Illinois State University has long been committed to celebrating and recognizing diversity efforts and initiatives. The first awards ceremony, the African/Latin American Recognition and Achievement Ceremony, started in 1988. Nine years later, the ceremony transitioned into the Celebration of Achievement, sponsored by the Office of Multicultural Affairs/Multicultural Center, with the theme “Excellence in a World of Adversity.” Dennis Rahim Watson, currently the CEO and president of the National Youth and Gang Violence Task Force, spoke at the Sunday ceremony in 1997 along with alumni John Davila ’94, and Stacey Evans ’94.

The 1997 ceremony recognized students of color, graduating seniors and individuals who excelled academically, outstanding organizations and motivational student leaders along with faculty and staff whose efforts motivated students of color to excel. That ceremony transitioned into the Minority Recognition Ceremony, which then became the current Commitment to Diversity Awards Ceremony.

This year’s ceremony featured alumnus James Ford Jr. ’03 presenting the keynote address. Ford, a social studies teacher in Rockford, has served as the executive director of Connected Ministries and nCENTER. He spearheaded an HIV/AIDS awareness campaign and served as a board member of Diversity of Rockford, a GLBT advocacy organization. Ford also is on the ministerial staff of Allen Chapel AME Church in Rockford.

Diversity Advocacy Coordinator Angela Davenport said the awards have evolved to recognize research and leadership in the area of diversity, a broader and more holistic focus that is aligned with the Educating Illinois core values. A committee of faculty, staff and students conduct a blind review of award applications. Nine students, faculty and staff received awards this year. To see photographs of the award recipients, click on awards.

Lauren McGing received the Undergraduate Legacy of Leadership Award. McGing has been involved with Alternative Spring Break for several years, served as a Passages orientation leader and participated in LeaderShape, On Common Grounds, Diversity Retreat, Social Justice Institute and the Leadership Revolution.

Tamekia Veal received the Graduate Legacy of Leadership Award for her work with the Success 101 program for at-risk freshmen, coordination of the Louis Stokes Alliance for Minority Participation program and management of the faculty-student mentorship program.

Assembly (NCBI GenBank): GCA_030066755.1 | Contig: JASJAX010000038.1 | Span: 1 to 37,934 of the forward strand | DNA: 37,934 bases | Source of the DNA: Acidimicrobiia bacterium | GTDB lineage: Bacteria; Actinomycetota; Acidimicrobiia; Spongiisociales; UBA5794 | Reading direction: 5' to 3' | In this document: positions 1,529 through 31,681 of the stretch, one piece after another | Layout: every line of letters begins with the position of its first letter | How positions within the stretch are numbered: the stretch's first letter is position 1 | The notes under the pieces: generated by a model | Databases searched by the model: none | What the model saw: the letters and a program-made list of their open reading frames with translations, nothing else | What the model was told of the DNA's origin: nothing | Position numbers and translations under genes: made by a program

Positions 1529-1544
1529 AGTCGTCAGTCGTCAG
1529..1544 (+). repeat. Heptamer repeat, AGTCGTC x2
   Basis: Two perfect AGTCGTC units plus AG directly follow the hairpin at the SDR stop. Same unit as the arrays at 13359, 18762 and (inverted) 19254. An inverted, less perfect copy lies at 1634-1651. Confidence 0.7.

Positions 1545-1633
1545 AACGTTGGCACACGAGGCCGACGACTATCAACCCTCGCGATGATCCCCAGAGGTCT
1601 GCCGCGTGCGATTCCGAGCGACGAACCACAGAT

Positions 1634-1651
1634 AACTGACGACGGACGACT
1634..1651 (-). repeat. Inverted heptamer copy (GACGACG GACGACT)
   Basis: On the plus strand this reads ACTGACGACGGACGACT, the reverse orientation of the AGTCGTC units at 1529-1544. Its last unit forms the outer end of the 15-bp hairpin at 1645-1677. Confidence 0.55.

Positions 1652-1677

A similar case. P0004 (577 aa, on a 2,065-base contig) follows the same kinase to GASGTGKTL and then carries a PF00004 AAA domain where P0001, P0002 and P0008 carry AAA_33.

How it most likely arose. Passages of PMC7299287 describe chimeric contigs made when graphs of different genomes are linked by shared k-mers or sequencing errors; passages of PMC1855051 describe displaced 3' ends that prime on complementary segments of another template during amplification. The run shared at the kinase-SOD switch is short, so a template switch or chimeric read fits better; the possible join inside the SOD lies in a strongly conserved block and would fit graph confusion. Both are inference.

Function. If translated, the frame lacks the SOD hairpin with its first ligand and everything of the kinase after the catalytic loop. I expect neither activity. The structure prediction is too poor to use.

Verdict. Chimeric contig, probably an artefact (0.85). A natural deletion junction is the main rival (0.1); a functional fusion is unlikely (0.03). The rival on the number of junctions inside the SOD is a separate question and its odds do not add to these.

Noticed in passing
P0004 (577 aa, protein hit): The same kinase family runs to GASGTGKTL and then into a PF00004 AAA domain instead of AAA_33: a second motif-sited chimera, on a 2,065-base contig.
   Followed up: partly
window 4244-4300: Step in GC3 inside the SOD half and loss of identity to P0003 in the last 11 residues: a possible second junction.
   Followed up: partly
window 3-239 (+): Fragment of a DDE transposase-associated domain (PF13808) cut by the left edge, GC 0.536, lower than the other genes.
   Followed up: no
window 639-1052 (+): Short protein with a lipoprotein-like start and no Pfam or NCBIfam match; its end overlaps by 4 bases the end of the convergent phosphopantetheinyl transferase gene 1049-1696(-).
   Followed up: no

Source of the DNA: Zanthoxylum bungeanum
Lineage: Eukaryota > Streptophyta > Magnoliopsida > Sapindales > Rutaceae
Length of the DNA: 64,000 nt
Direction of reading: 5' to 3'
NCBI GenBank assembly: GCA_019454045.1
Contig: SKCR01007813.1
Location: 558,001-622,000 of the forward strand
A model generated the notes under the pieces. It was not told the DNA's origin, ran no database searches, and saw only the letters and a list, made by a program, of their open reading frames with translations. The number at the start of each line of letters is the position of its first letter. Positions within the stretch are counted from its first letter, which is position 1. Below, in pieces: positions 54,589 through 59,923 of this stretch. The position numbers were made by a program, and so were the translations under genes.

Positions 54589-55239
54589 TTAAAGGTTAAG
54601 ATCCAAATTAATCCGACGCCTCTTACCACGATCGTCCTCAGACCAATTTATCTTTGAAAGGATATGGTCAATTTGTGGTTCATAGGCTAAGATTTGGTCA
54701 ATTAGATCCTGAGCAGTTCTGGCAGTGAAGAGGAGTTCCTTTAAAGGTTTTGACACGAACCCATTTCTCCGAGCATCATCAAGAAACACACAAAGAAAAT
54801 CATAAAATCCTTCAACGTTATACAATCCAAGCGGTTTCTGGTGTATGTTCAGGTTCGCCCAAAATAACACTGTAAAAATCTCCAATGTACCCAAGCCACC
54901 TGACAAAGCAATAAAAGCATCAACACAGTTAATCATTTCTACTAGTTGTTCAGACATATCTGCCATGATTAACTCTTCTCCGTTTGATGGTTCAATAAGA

Urban Needs in Teacher Education (UNITE) received the Registered Student Organization Award for the group’s efforts to provide underrepresented students with a supplemental source of support, advocacy and leadership development. UNITE has weekly meetings focusing on race, language and culture in urban schools and business/organizing meetings. UNITE has planned a 43-hour professional development, fundraising and consciousness-raising initiative to create awareness about and develop strategies for helping reduce the 43 percent dropout rate in the Chicago public schools. Maura Toro-Morn, Sociology-Anthropology professor and director of Latin American and Latino/a Studies, received the Outstanding Faculty Award for her commitment to student development; mentoring; course content dealing with race, gender and social class inequality; service on the Recruitment and Retention Committee and Campus Diversity Dialogue Committee; and promotion of education programs and initiatives across campus and the community.

Maria Luisa Zamudio received the Outstanding Staff Award for her service on departmental committees that help with resources and activities about Latino issues, her membership on the Illinois Latino Council for Higher Education and her work developing close relationships with community colleges to assist with the high transfer rates of Latinos to four-year colleges. Zamudio is pursuing her Ph.D. in educational administration and foundations.

Breaking Barriers received the Outstanding New Program Award. It is an initiative to help increase under-served populations in the criminal justice profession. The program consists of women and minority criminal justice executives who meet to discuss unique issues faced by women and minorities in the criminal justice field. Breaking Barriers also brings alumni and current students together to help new and veteran professionals advance in their field.

The Women’s and Gender Studies Research Symposium received the Outstanding Established Program Award for their 15 years of excellence in bringing speakers to campus to address issues about the interdisciplinary intersections of gender, race, class, nation, ability and sexuality. This year’s Symposium featured the “Beggars and Choosers” lecture series and photography exhibit exploring the cultural representations of motherhood. The program improved cultural awareness by offering a visual and historical response to stereotypes about poor mothers.

Jason Vasquez received the Partner in Diversity Award for leadership development of the Diversity Advocacy ex-officio student groups, staff facilitation of the fall Diversity Retreat, and serving as an agent of change for resources and friendship to countless students.